top of page
  • Rich Klein


PARKSVILLE - The outer pane of a window at Cabernet Frank's on Main Street here was shattered at about 11:30 pm on Wednesday, the owners told The SullivanTimes early this morning. (Thursday).

Wade St. Germain and RJ Baker - a married, gay couple - said they believe their window was smashed by a pellet gun, but that could not be confirmed at press time.

Baker said he was sitting inside the establishment in front of the window that was shot at. He said there were six or seven customers onsite at the time, which is about a half hour before the venue's scheduled closing at midnight.

St. Germain said that a customer called the Sheriff's Office immediately and they reportedly arrived with four vehicles at about 11:45 pm.

Although the owners were interviewed by officers, St. Germain said that the officers who responded seemed more interested in the window's replacement value than investigating who was responsible for the incident.

Because they are a gay couple, one of the customers asked the officers if they would investigate the incident as a hate crime. New York State has such a statute.

Below, in parenthesis, is information from the website of State Attorney General Letitia James:

(With the passage of New York’s Hate Crimes Act in 2000, the legislature recognized in its findings that “crimes motivated by invidious hatred toward particular groups not only harm individual victims but send a powerful message of intolerance and discrimination to all members of the group to which the victim belongs. Hate crimes can and do intimidate and disrupt entire communities and vitiate the civility that is essential to healthy democratic processes.” The law offers local District Attorney’s Offices, who are tasked with enforcing its provisions, sentence enhancements to criminal defendants who are found to have committed a criminal offense – or who intentionally selects the victim of such an offense – in whole or substantial part because of a belief or perception of the victim’s sexual orientation, among other relevant characteristics. While New York’s Hate Crimes Act does not explicitly address gender identity-based hate crimes, under the federal Matthew Shepard and James Byrd, Jr. Hate Crimes Prevention Act of 2009, the definition of “hate crime” has been expanded to include crimes motivated by a victim’s actual or perceived gender, sexual orientation, gender identity, and disability. The federal law also gives the United States Department of Justice expanded authority to prosecute such hate crimes when local authorities do not. Individuals cannot privately enforce either the New York or federal hate-crimes laws.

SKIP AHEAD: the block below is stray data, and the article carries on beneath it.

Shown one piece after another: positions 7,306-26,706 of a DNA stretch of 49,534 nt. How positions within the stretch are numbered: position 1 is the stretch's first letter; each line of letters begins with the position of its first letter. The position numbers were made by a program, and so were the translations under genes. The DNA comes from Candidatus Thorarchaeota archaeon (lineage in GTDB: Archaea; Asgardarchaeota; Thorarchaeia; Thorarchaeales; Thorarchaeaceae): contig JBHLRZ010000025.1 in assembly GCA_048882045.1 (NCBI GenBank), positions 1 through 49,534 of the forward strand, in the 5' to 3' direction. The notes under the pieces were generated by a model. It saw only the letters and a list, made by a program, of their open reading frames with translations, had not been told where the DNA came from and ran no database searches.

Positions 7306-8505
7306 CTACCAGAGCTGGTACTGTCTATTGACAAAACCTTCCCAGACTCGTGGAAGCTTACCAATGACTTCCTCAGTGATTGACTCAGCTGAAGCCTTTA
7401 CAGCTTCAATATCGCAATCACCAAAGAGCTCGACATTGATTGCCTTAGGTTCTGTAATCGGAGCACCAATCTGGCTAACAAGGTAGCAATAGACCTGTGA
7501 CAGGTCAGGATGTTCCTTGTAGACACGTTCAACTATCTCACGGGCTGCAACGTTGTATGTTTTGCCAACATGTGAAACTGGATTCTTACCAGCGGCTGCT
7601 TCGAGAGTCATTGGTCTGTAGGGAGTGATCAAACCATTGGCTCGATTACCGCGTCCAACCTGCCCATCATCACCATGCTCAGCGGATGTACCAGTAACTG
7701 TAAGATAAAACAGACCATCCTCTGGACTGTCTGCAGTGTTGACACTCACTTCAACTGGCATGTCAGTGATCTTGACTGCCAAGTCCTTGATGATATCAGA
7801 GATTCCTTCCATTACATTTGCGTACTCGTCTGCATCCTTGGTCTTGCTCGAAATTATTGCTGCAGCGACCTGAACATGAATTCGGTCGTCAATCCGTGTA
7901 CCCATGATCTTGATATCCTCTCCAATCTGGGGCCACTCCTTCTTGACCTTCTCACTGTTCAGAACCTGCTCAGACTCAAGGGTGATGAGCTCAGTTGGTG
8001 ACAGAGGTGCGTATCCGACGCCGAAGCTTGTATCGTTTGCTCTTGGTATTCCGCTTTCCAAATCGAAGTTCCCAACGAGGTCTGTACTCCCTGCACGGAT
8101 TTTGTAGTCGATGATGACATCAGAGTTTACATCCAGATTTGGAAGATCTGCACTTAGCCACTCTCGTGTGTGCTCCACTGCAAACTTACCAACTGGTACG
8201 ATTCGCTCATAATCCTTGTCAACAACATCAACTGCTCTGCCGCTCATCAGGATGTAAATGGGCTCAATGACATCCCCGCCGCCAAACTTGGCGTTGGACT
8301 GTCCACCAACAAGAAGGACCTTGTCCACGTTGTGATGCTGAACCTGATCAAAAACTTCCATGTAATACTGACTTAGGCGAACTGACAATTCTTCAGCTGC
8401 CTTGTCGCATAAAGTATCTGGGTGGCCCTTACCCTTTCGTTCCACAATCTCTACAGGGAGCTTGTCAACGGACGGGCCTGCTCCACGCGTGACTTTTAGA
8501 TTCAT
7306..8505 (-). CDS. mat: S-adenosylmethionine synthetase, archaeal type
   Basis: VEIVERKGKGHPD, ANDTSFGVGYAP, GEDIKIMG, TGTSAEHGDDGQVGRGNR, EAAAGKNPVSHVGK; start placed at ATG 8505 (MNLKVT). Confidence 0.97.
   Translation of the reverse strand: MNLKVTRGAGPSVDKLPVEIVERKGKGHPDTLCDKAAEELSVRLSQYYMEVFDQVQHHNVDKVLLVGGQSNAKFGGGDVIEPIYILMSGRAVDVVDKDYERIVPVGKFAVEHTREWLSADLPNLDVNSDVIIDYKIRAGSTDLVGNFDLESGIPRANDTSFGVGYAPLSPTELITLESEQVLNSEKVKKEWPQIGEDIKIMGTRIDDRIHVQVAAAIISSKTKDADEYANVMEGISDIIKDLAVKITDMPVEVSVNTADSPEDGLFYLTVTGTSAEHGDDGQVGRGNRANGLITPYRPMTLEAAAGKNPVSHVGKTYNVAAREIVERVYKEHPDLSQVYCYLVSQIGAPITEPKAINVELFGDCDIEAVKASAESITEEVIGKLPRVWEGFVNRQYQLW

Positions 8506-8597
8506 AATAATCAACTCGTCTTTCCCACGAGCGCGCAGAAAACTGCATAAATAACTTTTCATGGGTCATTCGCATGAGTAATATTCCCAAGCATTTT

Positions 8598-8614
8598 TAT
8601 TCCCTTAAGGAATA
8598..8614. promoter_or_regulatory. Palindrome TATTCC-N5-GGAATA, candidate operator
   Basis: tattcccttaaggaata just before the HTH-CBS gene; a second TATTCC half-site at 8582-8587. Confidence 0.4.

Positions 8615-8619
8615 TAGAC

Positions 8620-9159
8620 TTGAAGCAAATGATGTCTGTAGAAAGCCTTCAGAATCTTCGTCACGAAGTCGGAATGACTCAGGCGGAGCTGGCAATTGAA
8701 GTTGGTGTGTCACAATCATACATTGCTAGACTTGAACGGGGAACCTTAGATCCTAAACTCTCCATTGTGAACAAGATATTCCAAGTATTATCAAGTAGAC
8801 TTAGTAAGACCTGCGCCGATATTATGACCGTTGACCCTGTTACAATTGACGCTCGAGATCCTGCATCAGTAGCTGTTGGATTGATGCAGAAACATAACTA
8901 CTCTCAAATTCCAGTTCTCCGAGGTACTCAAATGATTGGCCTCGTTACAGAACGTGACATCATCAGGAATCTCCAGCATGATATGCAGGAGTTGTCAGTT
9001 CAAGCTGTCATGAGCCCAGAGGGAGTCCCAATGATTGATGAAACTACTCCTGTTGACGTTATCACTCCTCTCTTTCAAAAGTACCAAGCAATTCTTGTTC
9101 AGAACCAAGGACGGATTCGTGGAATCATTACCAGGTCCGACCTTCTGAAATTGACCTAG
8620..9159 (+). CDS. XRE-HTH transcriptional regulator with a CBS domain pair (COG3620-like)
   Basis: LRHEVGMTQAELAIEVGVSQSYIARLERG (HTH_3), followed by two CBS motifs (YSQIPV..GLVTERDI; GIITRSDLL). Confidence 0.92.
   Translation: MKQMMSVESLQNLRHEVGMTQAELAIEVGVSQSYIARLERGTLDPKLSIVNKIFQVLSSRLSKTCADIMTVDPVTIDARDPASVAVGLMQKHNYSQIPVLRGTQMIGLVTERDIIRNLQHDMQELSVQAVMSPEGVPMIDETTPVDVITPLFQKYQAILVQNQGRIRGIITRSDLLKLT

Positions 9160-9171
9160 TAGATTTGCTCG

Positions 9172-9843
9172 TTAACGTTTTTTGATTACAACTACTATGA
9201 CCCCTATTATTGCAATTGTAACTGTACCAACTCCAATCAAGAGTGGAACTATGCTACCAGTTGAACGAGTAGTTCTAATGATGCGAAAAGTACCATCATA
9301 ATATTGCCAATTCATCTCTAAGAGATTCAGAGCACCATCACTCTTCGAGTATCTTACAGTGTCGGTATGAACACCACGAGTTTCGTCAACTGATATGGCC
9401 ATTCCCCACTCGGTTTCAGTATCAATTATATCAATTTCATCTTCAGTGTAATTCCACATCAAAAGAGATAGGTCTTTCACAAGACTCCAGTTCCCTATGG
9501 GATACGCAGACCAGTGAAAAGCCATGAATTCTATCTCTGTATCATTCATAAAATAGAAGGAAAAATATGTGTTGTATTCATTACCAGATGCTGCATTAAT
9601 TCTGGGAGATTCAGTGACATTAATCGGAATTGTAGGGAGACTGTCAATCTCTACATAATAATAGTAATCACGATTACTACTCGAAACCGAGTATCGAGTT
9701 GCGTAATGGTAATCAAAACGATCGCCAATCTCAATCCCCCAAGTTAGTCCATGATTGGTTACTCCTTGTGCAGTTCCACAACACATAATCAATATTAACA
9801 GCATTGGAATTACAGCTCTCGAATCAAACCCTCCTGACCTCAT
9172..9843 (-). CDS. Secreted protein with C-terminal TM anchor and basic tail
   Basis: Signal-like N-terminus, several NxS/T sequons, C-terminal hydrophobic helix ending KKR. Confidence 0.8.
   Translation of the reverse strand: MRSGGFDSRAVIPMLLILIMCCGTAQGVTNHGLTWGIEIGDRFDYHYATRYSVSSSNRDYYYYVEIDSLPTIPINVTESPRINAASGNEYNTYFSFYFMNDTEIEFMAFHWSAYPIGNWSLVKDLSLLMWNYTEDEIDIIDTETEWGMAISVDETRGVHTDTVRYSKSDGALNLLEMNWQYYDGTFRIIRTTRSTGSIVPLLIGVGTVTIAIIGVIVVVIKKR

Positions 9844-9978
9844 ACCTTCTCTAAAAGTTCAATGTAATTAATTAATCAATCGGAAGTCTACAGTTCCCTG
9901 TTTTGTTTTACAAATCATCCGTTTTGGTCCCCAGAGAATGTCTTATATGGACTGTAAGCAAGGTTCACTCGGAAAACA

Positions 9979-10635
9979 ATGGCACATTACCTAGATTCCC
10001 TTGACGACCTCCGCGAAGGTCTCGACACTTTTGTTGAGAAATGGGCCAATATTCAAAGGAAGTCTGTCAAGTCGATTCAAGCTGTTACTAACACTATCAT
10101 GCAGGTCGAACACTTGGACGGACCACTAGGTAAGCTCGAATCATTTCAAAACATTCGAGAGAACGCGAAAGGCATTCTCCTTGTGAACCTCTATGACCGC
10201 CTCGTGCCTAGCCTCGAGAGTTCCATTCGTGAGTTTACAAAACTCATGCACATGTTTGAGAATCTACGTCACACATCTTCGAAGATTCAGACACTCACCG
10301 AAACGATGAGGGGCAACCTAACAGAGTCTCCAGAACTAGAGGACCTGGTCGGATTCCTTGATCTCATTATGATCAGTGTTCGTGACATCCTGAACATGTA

New York state’s Executive Law also contains a provision requiring the state Division of Criminal Justice Services to collect and analyze data on, among other topics, the number of hate crimes reported to or investigated by local police departments).

Although there are currently no suspects in the pellet shooting, the couple has been harassed in person and online by their neighbor, Joseph Peters, for at least the last three years. Peters has said publicly that he wants to drive the couple out of business and out of town. The couple has had multiple orders of protection against him.

Baker has had his adjacent Beaverkill Studio business decimated by the harassment, which includes Peters parking his car directly in front of the studio and blasting music for hours at a time.

Peters has been served with many violations for his actions against the couple and was convicted on two criminal charges in a bench trial conducted by Liberty Town Justice Kirk Orseck in November 2018. But Peters was never sentenced - even though Orseck promised to do just that. Those charges were later dropped as a result.

In May, Peters was served with 20 criminal charges for his campaign of harassment against the couple. He is reportedly due in Town of Fallsburg court in early July to answer those. Attorney William Brenner is the last known attorney representing Peters. On May 24, Peters was caught on video winding up and punching a woman in the back of the head as she was walking away from him near the Rail Trail adjacent to Cabernet Frank's. The blow sent her to the ground. It wasn't the first time Peters has instigated violence on Main Street.

One Sunday afternoon in July 2018, he sat across from Cabernet Frank's holding up a sign that directed patrons not to eat there. When St. Germain confronted him and tried to remove the sign from Peters' hands, Peters began pummeling him, seriously injuring St. Germain. That also sparked a street brawl that included Baker, Joe Peters Jr. and a woman who was shoved to the ground by Peters, Jr.

Meanwhile, a civil suit against Peters is proceeding in State Supreme Court, Sullivan County later this summer.The couple, which opened Cabernet Frank's four years ago this month, is represented by Goshen civil rights attorney Michael Sussman.

Sussman warned in a Zoom interview with The SullivanTimes last month (that also included Baker and St. Germain) about an escalation of violence against the couple and described it as "homophobic."

"Without people standing up, the laws are meaningless," he said.

Photo contributed by Cabernet Frank's showing damage to window last night


Recent Posts

See All

It's Been A Great Journey

Nearly four and a half years ago, I decided to launch The SullivanTimes to offer an alternative media outlet focused on hard-hitting, investigative stories. Except for a brief month or two, it's alway


bottom of page